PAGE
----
jueves, 29 de marzo de 2018

Venezuela: 68 killed in rioting, fire at Valencia police station | The Indian Express

Venezuela: 68 killed in rioting, fire at Valencia police station | The Indian Express

Venezuela: 68 killed in rioting, fire at Valencia police station

Officers in riot gear formed a line with plastic shields blocking access to the brick building and at one point launched tear gas to disperse the crowd of screaming men and women in Valencia, about 100 miles (160 kilometers) west of Caracas.

By: AP | Venezuela | Updated: March 29, 2018 9:27 am
Venezuela riots, Venuzuela police station riots, Venzuela fire, Nicolas Maduro, World News
A woman kicks at a riot police shield as relatives of prisoners wait to hear news about their family members imprisoned at a police station where a riot broke out in Valencia. (AP Photo)

Rioting and a fire in the cells of a Venezuelan police station in the central city of Valencia killed 68 people on Wednesday, according to the government and witnesses. Families hoping for news outside the police station were dispersed with tear gas and authorities did not give information until late in the evening.
“The State Prosecutor’s Office guarantees to deepen investigations to immediately clarify what happened in these painful events that have left dozens of Venezuelan families in mourning,” said Chief Prosecutor Tarek William Saab on Twitter.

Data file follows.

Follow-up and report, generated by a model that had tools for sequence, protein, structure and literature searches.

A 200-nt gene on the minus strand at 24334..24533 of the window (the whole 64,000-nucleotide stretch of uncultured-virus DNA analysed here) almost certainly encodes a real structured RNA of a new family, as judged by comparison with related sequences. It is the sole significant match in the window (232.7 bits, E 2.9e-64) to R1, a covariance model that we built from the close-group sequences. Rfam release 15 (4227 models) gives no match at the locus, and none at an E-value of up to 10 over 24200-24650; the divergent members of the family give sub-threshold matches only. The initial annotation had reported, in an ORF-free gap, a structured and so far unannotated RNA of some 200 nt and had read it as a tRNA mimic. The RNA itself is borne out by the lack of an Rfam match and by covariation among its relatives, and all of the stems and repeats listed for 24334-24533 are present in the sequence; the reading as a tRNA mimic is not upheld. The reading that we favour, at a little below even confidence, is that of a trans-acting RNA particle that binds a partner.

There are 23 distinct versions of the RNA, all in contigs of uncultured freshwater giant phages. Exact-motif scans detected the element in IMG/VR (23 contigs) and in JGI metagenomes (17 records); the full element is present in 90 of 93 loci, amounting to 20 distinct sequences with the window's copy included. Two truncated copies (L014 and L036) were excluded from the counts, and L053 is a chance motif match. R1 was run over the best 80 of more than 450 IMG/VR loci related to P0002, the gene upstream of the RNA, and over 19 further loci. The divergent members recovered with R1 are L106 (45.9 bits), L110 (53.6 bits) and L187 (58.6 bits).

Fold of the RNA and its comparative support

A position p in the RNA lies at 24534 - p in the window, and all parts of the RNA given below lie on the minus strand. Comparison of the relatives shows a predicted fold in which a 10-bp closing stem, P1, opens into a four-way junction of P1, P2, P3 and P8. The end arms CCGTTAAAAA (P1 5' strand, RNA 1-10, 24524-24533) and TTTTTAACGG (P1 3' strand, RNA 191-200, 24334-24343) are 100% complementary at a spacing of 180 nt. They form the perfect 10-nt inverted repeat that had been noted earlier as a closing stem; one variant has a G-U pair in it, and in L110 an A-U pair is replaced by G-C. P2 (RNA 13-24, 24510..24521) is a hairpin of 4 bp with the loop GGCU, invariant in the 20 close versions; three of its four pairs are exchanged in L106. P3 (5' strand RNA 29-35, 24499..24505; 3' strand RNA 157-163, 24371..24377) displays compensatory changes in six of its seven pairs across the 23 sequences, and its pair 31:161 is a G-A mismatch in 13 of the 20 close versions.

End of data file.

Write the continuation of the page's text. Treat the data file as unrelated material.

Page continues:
Venezuelan prisons are notoriously overcrowded and filled with weapons and drugs. Riots leaving dozens dead are not uncommon. State official Jesus Santander said the state of Carabobo was in mourning after the incident in the city of Valencia.
“Forensic doctors are determining the number of fatalities,” Santander said. A policeman was shot in the leg and was in a stable condition and firefighters had extinguished the flames, he said.
Many Venezuelan prisons are lawless and have been for decades. Prisoners often openly wield machine guns and grenades, use drugs and leave guards powerless. “There are people who are inside those dungeons (…) and the authorities do not know they exist because they do not dare to enter,” said Humberto Prado, a local prisons rights activist.
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